About Me

My photo
I'm a mom, a wife, a best friend. Sick with CFIDS/ME/CFS and Fibromyalgia since 1975 as a result of a nasty flu while still in grad school, it wasn't until the late '80's that I received a diagnosis. Until that flu I'd never really been ill before. With each year I get progressively worse and add to the bucket load of symptoms I'm living with. I've been blessed with an incredible family and best friend who've stayed with me through my struggles as we continue to find a way out of this monstrous illness and its complications. We've tried seemingly every approach to find my way back to health. Often I think our best weapon in this undesirable and unasked-for adventure has been laughter.

Friday, January 25, 2013

Friday Tidbits: Three Medical Quirks

Experiencing motion sickness but already suffering migraines...

It's Friday Tidbits time, the day of the week when I can make a few points without needing transitions between topics.  OK: I know that this differs very little from my usual way of writing, but I do like just a few teeny-tiny delusions in my life.  We'll pretend that I always have beautiful transitions.  Fine: end of ramble and on with the subjects at hand.  

I have three medical quirks you might not have noticed before which I found fascinating.  These I bring to you from what I've learned from my rheumy/immunologist over the years.  I'm not sure what we can actually DO with them, but hey!  That's our lives (those with CFIDS/ME/CFS and/or fibromyalgia) on any day with anything, so why start making too much sense now?

And so, on with: Did you know that...

  • You can get reptilian/lizard-like skin from fever and swelling?   Ha!  This is a good observation and tidbit, no?  (Yes!) When I got the cellulitis in my hands and left foot, my hands swelled up enormously, with extremely tight skin and tremendous hotness and redness to them.  After the high dosage of antibiotics finally kicked in, the swelling, redness and hotness started to come down, but my hands had a very strange texture to them.  I kept looking at my hands and thinking, "what the heck is going on here?"  (You DO realize that you're getting the cleaned up version of what actually went through said mind?)  My hands didn't look chapped, they didn't get a rash and they weren't dehydrated either.  They just looked sort of scaly, almost reptilian or lizard-like.  (This "reptilian/lizard-like" description is uniquely mine, I believe, not found in medical journals, though there is no doubt about the phenomenon.)
I discovered that a good description of what happened is "local inflammation that creates a glove of dead skin."  The top layer of skin dies and then flakes off.  When the top layer of your skin is no longer alive, but hasn't yet flaked off, it gets rough.  Oh my, "rough"?   Well, that's just putting it mildly.  But, now, a few weeks later, my hands have a wonderfully soft texture!  Think about it: I underwent a natural exfoliation process!  It's not the IDEAL way of going about doing one, but the end result WAS gorgeous. (I'm TRYING to be positive here, y'all!)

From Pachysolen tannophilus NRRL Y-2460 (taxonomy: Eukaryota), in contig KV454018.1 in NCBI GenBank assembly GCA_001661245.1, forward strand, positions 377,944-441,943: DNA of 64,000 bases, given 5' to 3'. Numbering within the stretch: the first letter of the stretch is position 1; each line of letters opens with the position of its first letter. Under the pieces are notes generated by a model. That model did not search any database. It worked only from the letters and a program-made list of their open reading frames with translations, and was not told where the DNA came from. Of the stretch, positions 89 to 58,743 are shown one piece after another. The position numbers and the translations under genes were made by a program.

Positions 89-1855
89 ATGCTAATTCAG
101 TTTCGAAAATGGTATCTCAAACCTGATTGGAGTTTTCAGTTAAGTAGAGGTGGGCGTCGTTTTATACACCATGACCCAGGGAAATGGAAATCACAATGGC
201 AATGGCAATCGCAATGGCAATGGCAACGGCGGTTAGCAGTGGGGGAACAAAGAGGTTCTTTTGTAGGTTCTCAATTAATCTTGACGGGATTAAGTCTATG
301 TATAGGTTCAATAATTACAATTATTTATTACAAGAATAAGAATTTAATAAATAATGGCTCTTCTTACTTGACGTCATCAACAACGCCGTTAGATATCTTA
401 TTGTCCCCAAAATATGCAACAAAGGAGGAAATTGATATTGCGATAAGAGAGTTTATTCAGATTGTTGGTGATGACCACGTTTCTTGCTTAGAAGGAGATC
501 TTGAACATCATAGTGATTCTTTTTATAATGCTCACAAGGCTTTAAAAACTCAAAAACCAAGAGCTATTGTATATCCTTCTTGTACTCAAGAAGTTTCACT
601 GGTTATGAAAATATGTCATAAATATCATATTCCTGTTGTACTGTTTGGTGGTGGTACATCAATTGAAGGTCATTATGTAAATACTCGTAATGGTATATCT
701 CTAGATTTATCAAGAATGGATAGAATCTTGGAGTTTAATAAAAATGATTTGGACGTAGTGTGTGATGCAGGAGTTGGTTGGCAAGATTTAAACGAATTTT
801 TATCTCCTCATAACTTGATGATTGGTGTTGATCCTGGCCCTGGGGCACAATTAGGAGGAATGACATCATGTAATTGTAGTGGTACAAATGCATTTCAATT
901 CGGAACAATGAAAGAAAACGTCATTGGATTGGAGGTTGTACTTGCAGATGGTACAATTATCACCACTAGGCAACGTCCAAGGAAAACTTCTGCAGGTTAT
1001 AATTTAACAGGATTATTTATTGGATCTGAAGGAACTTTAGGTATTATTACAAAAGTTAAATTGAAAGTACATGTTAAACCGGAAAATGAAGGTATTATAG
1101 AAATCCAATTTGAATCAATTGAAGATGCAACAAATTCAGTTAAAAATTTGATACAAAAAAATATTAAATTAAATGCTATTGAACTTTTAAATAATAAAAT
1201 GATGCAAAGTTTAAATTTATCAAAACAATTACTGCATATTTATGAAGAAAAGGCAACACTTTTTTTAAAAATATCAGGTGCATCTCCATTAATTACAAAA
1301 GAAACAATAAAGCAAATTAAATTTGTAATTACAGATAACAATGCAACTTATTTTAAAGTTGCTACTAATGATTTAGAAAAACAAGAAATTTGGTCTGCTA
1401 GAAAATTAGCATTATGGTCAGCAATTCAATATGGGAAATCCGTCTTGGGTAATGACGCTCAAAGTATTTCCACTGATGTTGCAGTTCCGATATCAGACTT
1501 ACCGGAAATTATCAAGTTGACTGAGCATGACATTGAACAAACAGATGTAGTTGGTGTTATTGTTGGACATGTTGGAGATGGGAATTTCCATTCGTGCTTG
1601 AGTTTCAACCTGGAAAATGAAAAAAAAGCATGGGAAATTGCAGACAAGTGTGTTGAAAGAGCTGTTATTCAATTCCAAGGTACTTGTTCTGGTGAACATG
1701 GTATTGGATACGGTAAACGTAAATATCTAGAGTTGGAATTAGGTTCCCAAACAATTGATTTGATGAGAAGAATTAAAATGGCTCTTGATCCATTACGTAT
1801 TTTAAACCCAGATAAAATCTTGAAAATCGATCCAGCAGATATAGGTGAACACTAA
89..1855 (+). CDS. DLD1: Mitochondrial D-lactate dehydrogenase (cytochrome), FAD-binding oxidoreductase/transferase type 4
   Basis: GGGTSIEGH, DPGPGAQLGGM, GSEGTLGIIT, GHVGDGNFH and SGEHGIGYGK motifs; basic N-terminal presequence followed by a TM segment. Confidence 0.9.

• That itchiness can be associated with a viral illness such as the flu?  No one knows why this happens.  It's called "pruritis," which is just a fancy word for "itching."  There's a spectrum to pruritis as there's a spectrum in almost everything.  Some cases are simply due to dry skin but others have more serious causes.  It's not an allergy.  It's just a non-specific reaction that may be due to a toxin or a virus, but again, no one is exactly sure why this happens.  (Oh, we can talk unmyelinated C-fibers, nociceptors, histamines and all sorts of medical theories till we're blue in the face but it all boils down to "No one really knows, folks!" and  besides, they are not the point.)   
The itching can be as benign as seen with dry skin or even pregnancy.  However, it can also be a sign of serious illnesses and/or conditions.  These include liver disease/liver failure, kidney failure or when other organs malfunction, such as the thyroid gland.  I have this symptom a lot and am happy to finally have an explanation for it since I always knew it wasn't simply due to dry skin nor imaginary.  (Remember: I have hypothyroidism but there's more than just one candidate for what causes this with my body.)   Furthermore, this is an itchiness that is definitely "invisible": it's not a rash or hives, just itchiness so bad that you want to get out of your skin.  So, next time you or I are in a hospital and complain of itchiness that's driving us nuts and the nurse gives us a disbelieving fish eye, we can be prepared!  I can tell you that when I've had this invisible itchiness, rashes and hives all at the same time, it was the invisible itchiness that was the worst - by far. 

  • Children destined to become migraine sufferers have a warning of what is to come later in life by suffering motion sickness accompanied by vomiting.   I can vouch for that!  I'd give my camp counselors a desperate look and was immediately excused to get out of church QUICK: all it took was barfing a couple of times as a 5 year old and I was set for 13 summers!  This is the fate of the migraineur: he/she is sensitive to stimuli, be it to light, sounds and smells, a "state of being" for one who is extremely sensitive to these stimuli, even when without a "headache."  This certainly explains a lot of my childhood, though I had migraines even as a very young child.  (I know: I'm so wonderfully lucky, aren't I?  Excuse me as I keel over!)

And so there you have it.  A few little tidbits to mull over in your mind - or not, as you wish, though I'd rather hope something here is of use.  In any event, I wish all of you a wonderful weekend, with you feeling your very best, only better.  Ciao and paka! 

No comments:

Post a Comment